Seeing Red

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Kitsch 'n giggles for the ROKENROL scene

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bygone era August 2002

August 22, 2002

Nuclear Tourism

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(From GettingIt.com, a now-defunct web zine.) No need to go to Chernobyl to experience the thrill of nuclear tourism; you can do it closer to home, and probably with less risk of getting a little too much of that nasty radiation. You can see the "Big Board" (the one that shows all the missiles flying), the bunker set aside for the U.S. Congress, the Nevada Test Site, a missile silo, mock-ups of real nuclear weapons at the National Atomic Museum, and more. Be ready to prove you're an American citizen.

 


Elvis Presley and the Impulse Towards Transculturation

Admittedly some of this article about the transculturation evident in the music of Elvis Presley went right over my head, but I grasped enough to appreciate his unique fusion of both "black" and "white" aesthetics.

 

August 16, 2002

NukePop

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Amazing pictorial history of the Atomic Age from the dawn of the A-Bomb to the present.

 


Russians discover taste for Soviet chic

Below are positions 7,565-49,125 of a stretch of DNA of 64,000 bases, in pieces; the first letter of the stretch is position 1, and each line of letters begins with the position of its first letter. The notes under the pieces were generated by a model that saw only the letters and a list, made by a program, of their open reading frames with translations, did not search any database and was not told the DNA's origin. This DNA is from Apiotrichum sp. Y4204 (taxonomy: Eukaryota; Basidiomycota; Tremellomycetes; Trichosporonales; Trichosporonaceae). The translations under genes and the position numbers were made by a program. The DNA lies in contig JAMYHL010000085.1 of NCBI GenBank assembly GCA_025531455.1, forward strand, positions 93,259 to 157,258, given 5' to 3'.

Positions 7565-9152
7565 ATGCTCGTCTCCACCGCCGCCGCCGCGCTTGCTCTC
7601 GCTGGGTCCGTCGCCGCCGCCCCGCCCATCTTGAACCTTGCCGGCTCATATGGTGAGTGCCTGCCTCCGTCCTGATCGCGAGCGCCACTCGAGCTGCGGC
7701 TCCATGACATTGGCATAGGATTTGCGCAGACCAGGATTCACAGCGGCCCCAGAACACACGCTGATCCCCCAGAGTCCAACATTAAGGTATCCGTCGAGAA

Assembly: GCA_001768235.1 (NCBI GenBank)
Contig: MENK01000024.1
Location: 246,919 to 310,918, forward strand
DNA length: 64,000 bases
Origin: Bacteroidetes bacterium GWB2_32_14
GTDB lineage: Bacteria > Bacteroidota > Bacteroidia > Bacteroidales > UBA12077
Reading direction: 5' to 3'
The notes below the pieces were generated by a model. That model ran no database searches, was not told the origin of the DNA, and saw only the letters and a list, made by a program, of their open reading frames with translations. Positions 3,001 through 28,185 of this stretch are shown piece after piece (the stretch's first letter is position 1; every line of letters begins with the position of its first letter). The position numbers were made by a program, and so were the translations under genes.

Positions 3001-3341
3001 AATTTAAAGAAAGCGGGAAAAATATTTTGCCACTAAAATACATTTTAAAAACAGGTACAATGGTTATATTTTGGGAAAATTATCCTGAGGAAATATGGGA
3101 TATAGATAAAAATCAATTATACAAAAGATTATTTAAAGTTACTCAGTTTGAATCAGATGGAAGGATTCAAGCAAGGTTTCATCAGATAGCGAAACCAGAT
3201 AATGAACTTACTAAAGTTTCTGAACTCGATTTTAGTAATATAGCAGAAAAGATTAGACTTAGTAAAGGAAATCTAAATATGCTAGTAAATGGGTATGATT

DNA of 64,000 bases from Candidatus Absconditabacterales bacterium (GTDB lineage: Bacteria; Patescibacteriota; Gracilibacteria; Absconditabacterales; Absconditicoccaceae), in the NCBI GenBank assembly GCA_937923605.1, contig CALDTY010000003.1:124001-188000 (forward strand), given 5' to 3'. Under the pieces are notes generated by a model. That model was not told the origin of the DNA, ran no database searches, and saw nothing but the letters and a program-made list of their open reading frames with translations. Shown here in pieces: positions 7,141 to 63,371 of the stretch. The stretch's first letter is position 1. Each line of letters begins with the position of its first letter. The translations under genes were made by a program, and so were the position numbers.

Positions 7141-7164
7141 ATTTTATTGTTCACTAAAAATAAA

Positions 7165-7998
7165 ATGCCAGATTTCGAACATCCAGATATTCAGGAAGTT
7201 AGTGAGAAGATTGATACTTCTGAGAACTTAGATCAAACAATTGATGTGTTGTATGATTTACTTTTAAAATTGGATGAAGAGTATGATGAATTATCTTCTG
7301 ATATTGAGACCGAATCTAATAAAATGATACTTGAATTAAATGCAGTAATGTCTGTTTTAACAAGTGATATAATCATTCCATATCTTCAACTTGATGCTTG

(From The Times (UK).) LONG live grandfather Lenin! Russia is reliving the Soviet era through fashion and a wave of nostalgia. The reopening of a communist-era beer bar in central Moscow, with waiters in USSR T-shirts, signals the trend for Soviet chic.

It has taken a mere ten years for Russia to stylise its past. Teenagers who barely remember communism have transformed Lenin’s legacy into retro fashion, donning their dads’ USSR T-shirts.

The fashion designer Denis Simachev heralded the craze by creating shirts with Soviet emblems last autumn. In Paris this year his models’ T-shirts bore portraits of President Putin framed in flowers, echoing the Stalin cult of personality.

Mr Simachev fitted out the waiters at the Zhiguli beer bar with their T-shirts while the cleaners wear housecoats and headscarves, evoking memories of the Soviet babushka.

Zhiguli, named after the Soviet Union’s cheapest beer, was one of the most popular bars in the 1980s, a place where non-party youth could drink, as long as they could afford a five-rouble entrance bribe to the bouncer.

“People miss some things about the old times, and this bar is one of them,” says Yuri Kabargin, manager of Zhiguli. On Friday nights the bar is heaving with young and old, drinking beer and listening to records of popular Soviet songs such as Railway Ticket to My Childhood.

Many older Russians relish souvenirs of their childhoods. Portraits of Lenin sell like hot cakes in the Moscow antique shop, Roza Azora. The shop specialises in Soviet memorabilia. Here the nostalgic can find mugs with the portrait of the astronaut Yuri Gagarin, busts of Marx, and the red headscarves once worn by young Communists. One customer, Elena Kulikova, 42, said she found having a picture of Lenin in her sitting room “pleasant and soothing”.